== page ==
McCormick junior Aaron Nissim Senfeld always had a passion for music, but after playing classical piano for a decade, he reached a dilemma.

“I became disenchanted with classical music because I felt like I was always using other people’s emotions rather than being upfront with my creative energies,” the 20-year-old hip-hop producer and entrepreneur said. “I started improvising, and then something clicked. I would much rather make my own music than play other people’s.”

Senfeld’s complicated relationship with music led him to a new passion for production. He ultimately became integrated into the Chicago music scene and got involved in entrepreneurial ventures with the Garage. His time spent at Northwestern’s innovation center led to his most recent involvement in the Artist Incubator and Residency Program, the university’s first artist incubator.

Senfeld’s involvement in music entrepreneurship all began when he ventured away from the traditional classical music and took a deep dive into hip-hop in eighth grade. He came out the other end as a producer and looked at producing as his own form of self-expression. “I produce for other people, but my productions are songs in and of itself,” he said.

After developing his craft throughout high school by playing in musical groups and experimenting by creating his own work, Senfeld arrived at Northwestern and quickly established himself in the Chicago music production scene. He began working with respected local artists like Mick Jenkins –– a well-known Chicago-based hip hop artist –– and used his passion for the music industry to generate an abundance of ideas on how he could monetize the arts.

Photo courtesy of Aaron Senfeld
Photo courtesy of Aaron Senfeld

For advice, he looked to the experts at the Garage. He entered with an abundance of ideas that were narrowed down to his first venture called Jampack – a music curation service that created playlists for its customers based on a series of personal attributes. His experience with the startup also led to his most recent work on the Artist Incubator and Residency Program founded by SESP junior Olivia Hernandez.

Each year, the incubator program selects a cohort of eight Northwestern artists across all mediums and guides them through a year-long curriculum to prepare them to operate their art as a business. The program helps amateur artists showcase and streamline their work, so they can reach a target audience.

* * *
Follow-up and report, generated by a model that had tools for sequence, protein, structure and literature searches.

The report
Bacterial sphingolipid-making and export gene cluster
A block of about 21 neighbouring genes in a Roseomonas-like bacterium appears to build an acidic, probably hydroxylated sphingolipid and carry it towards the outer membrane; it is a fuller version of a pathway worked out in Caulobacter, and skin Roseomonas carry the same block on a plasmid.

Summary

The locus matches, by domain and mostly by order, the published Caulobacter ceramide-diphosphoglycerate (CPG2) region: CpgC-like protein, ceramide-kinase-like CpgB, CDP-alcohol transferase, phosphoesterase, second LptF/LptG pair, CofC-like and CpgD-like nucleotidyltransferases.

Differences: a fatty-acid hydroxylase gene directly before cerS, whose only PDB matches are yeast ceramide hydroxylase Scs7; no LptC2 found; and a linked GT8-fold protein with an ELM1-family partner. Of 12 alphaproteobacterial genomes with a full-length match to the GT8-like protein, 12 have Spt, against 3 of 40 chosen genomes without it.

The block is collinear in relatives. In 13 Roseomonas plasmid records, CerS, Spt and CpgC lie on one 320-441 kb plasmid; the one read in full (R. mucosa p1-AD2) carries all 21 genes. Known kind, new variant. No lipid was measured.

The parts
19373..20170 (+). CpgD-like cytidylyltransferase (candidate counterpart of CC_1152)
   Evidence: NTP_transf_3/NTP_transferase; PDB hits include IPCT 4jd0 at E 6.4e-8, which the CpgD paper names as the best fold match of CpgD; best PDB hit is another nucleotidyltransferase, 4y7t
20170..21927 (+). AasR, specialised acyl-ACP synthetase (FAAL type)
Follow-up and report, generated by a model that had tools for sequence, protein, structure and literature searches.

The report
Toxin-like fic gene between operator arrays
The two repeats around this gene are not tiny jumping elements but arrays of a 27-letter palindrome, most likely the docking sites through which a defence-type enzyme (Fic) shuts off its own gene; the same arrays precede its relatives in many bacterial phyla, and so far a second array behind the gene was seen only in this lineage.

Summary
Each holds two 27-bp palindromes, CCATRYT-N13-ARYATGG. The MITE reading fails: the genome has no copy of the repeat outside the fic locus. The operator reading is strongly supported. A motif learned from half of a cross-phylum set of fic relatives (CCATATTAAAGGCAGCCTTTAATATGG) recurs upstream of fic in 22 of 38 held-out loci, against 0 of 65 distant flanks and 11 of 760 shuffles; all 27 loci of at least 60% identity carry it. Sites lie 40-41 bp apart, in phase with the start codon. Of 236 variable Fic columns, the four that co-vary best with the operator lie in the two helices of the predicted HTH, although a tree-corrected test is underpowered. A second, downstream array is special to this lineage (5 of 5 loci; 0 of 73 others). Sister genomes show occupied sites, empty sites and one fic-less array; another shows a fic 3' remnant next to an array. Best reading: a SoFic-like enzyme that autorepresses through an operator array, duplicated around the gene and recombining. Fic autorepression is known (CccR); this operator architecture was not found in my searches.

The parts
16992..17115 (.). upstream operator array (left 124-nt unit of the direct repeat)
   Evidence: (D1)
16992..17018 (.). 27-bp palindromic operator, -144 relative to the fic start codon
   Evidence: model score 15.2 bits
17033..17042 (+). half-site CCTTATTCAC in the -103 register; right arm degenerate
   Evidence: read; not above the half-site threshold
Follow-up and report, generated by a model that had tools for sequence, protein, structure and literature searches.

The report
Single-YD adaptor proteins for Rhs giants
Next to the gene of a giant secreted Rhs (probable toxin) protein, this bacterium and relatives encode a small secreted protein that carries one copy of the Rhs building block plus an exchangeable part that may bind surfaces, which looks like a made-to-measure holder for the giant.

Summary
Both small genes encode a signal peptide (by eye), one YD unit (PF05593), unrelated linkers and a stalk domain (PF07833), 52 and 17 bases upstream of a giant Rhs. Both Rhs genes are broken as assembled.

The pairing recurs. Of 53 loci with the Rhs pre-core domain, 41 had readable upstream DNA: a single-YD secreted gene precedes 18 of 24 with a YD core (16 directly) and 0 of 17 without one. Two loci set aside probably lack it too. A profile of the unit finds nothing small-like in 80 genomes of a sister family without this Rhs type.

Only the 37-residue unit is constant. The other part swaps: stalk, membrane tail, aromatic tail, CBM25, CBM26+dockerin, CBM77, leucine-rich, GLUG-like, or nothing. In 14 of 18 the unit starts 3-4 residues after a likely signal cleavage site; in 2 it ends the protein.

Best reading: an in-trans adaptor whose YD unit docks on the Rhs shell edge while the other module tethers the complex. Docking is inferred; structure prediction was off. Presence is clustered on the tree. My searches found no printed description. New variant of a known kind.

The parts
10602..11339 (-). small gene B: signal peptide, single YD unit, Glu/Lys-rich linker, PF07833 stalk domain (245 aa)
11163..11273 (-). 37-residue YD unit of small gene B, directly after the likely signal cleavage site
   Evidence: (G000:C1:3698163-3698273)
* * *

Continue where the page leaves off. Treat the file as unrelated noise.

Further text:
After connecting during a WNUR event, Hernandez invited Senfeld to join the team and design the curriculum during its inaugural cohort after becoming familiar with his work during their freshman year.

“He’s very forward-thinking,” she said. “He has a lot of experience in entrepreneurship and target market research. I think he does a really good job at helping our artists find what differentiates themselves from the rest of the landscape.”

Senfeld used his experience in design, entrepreneurship and art critical theory to plan the program’s curriculum and help the artists get noticed.

“We’re not trying to commodify your art,” he said. “We’re trying to learn about how people relate to it, so we can forge more of those connections and strengthen those connections and really create a sustainable business for you without compromising your artistic integrity.”

The team of four hopes to expand into an agency after graduation, so they can advocate for artists both at Northwestern and in the greater Chicago area.

While Senfeld has expanded his entrepreneurial ventures outside the music realm into other mediums like film and visual art, he plans to forge a career in music, so he can chase his dreams and make a difference.

“The music industry has a lot of issues,” he said. “It’s my hope to be both a participant and a critic of the industry in a really involved way. There’s a lot of things I want to change about the industry that hopefully I’ll get to enact in the future. I have a lot of musical aspirations. I do want to go on tour. I want to be a historically significant musician, not just one that is popular – one that makes an impact.”